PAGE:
Collins to work toward increasing visitation to Arkansas by groups and promoting the state's appeal
The press, the mayor of Bentonville, the director of state Parks and Tourism and his tourism director, academic folk — all the important people of the world — were sitting on the edge of their chairs last week at the Crystal Bridges Museum of American Art site expecting to hear Don Bacigalupi announce the date the museum will finally open. That, they thought, was the reason they were there, with a peek at the progress of the museum Alice Walton is building and filling, as the backdrop.
But Bacigalupi surprised everyone by saying he couldn't announce the date just yet. Soon, he said.
Nevertheless, the museum's "Sneak Peek" event offered a jaw-dropping view of Alice Walton's colossal art project. That the museum has already been six years in construction gives some idea of the immensity of the project. Once envisioned as a museum with 100,000-plus square feet of public space, Crystal Bridges has grown to 217,000-plus square feet. That includes architect Moshe Safdie's arcing, bridge-connected buildings housing five permanent galleries, the glass-fronted three-story library, administration and temporary gallery building, and a glass-enclosed gathering space for 300 people (dubbed "the turtle" for its roof shape), all built around two ponds to be fed by Crystal Creek (which was dry last week, but one wouldn't put it past Walton to pump a little water in). The woods surrounding the whole will be laced with three miles of interconnecting hiking and biking trails.
In a quick interview after the announcements, Bacigalupi, who Walton hired last year as director, talked about Walton's embrace of later contemporary art (much of which is large). Bacigalupi's hand can be seen in Walton's evolution; since he came on board, Crystal Bridges has announced acquisitions of works by startling racially provocative silhouette artist Kara Walker; fantasy realists Tom Uttech and Walton Ford, glass artist Karen LaMonte and installation artist Devorah Sperber and other living artists. Bacigalupi's focus is as much on what the museum can do for art education as on the collection: He said artists "articulate important topics" for the public; he hopes Crystal Bridges will have a statewide effect on how art is taught and thought about and will make clear its ability to promote creative thinking in all areas.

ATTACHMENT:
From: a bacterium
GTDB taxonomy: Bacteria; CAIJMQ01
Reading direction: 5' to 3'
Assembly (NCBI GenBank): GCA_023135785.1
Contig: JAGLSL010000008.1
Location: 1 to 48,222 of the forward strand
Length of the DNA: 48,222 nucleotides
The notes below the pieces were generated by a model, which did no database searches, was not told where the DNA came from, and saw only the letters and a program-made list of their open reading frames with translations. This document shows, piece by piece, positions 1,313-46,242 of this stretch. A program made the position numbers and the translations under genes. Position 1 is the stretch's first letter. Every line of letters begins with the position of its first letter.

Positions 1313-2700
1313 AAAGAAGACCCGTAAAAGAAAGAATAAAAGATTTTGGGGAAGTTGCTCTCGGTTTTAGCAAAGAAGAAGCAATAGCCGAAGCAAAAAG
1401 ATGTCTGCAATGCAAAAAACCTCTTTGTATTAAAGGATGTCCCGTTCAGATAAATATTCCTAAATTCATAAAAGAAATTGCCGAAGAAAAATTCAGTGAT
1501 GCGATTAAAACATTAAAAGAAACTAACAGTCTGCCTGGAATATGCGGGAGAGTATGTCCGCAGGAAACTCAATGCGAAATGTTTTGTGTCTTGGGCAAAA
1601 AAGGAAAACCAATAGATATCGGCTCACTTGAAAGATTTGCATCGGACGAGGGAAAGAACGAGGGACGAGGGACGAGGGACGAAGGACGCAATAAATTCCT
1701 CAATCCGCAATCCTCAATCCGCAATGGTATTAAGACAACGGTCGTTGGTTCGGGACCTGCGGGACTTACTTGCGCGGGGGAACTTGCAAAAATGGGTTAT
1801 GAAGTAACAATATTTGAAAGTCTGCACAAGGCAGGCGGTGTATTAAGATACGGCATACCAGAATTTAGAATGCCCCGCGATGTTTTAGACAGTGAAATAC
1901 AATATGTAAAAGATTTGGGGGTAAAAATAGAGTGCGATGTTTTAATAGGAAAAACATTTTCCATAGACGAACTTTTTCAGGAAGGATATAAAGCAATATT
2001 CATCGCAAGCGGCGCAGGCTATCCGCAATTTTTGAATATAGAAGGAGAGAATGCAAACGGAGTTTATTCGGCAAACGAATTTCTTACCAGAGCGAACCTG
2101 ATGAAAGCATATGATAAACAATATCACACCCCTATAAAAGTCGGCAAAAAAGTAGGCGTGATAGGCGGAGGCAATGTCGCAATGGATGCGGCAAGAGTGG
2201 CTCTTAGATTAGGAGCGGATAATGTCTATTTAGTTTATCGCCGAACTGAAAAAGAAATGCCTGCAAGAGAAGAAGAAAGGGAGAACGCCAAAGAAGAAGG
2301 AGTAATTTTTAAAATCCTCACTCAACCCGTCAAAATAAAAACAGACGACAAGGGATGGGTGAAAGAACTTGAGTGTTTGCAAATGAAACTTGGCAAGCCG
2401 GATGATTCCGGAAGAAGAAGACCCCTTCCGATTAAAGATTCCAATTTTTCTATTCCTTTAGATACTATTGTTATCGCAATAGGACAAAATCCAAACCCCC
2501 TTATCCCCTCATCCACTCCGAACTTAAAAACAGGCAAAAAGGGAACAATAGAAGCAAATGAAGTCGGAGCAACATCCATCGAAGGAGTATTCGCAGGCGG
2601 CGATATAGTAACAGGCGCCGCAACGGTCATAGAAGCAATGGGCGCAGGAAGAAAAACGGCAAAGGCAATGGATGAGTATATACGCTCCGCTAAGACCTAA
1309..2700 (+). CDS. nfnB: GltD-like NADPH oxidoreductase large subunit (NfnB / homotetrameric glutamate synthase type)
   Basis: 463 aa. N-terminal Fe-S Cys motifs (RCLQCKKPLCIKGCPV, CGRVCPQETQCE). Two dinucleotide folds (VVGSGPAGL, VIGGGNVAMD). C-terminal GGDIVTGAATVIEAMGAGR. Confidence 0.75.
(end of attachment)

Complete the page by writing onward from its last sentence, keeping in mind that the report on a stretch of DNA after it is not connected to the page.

Two acquisitions of pop art that Bacigalupi announced at last week's event reflect Walton's reach as a collector: Andy Warhol's 1985 painting "Dolly Parton" and Roy Lichtenstein's 1966 sculpture "Standing Explosion Red." The works aren't daring by today's lights, but more fully elaborate the American art picture that Walton begins to paint with her 18th century works. (She once said the collection wouldn't include work made after the mid-century.)
A third announced work, acquired on the eve of the event, Bacigalupi said, was Benjamin West's "Cupid and Psyche." West painted in the 18th and 19th centuries; this 1808 scene of a naked Psyche languishing in Cupid's arms might fill a content, if not an era, gap in the Crystal Bridges collection: nudity. But who knows? Bacigalupi said only about 10 percent of the collection has been made public. So far, 62 works have been announced or talked about.